“We will be flying four times a week to Bulawayo and Victoria Falls. We will gradually increase flights as the market picks up,” he said last week.
The airline is saddled with an estimated debt of $149 million.
Foreign creditors are owed about $30 million, and the rest is owed to local entities.
Transport and Communications minister Nicholas Goche last week told a local weekly that the airline had been operating on a deficit since 1994, but the inception of the multi-currency system worsened the situation.
This, he said, had resulted in frequent strikes, grounding of operations, non-replacement of equipment, huge debts, suspension from International Aviation Transport Association, lease withdrawals and contract cancellations, among other problems.Sources at Air Zimbabwe said the about 40 pilots working for the government's airline, are grossly underpaid. Their salaries despite being the lowest in the region never came on time since the economic crisis in 2008.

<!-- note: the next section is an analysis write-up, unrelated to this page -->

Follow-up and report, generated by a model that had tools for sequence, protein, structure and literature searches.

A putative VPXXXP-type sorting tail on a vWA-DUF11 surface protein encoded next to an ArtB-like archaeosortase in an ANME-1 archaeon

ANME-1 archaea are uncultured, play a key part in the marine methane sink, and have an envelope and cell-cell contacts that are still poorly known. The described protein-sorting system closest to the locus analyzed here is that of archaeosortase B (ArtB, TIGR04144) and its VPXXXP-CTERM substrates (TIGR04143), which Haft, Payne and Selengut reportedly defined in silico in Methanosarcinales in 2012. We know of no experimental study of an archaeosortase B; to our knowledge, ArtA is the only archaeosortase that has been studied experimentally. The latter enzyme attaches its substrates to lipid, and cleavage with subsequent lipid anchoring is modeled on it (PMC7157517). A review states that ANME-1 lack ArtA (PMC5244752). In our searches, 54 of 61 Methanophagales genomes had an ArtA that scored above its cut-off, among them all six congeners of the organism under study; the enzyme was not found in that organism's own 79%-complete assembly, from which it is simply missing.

Air Zimbabwe has aging aircraft including two Boeing 767 passenger jets, three Boeings’ 737, which were recently suspended after they were adjudged to be past their designed service life and one small Chinese plane for the domestic routes and to Johannesburg.
Air Zimbabwe has an impeccable safety record but has, like every other government company or agency, been short of money for the last decade.
Years of mismanagement and aircraft commandeering by President Robert Mugabe has also compounded the problem.Post published in: News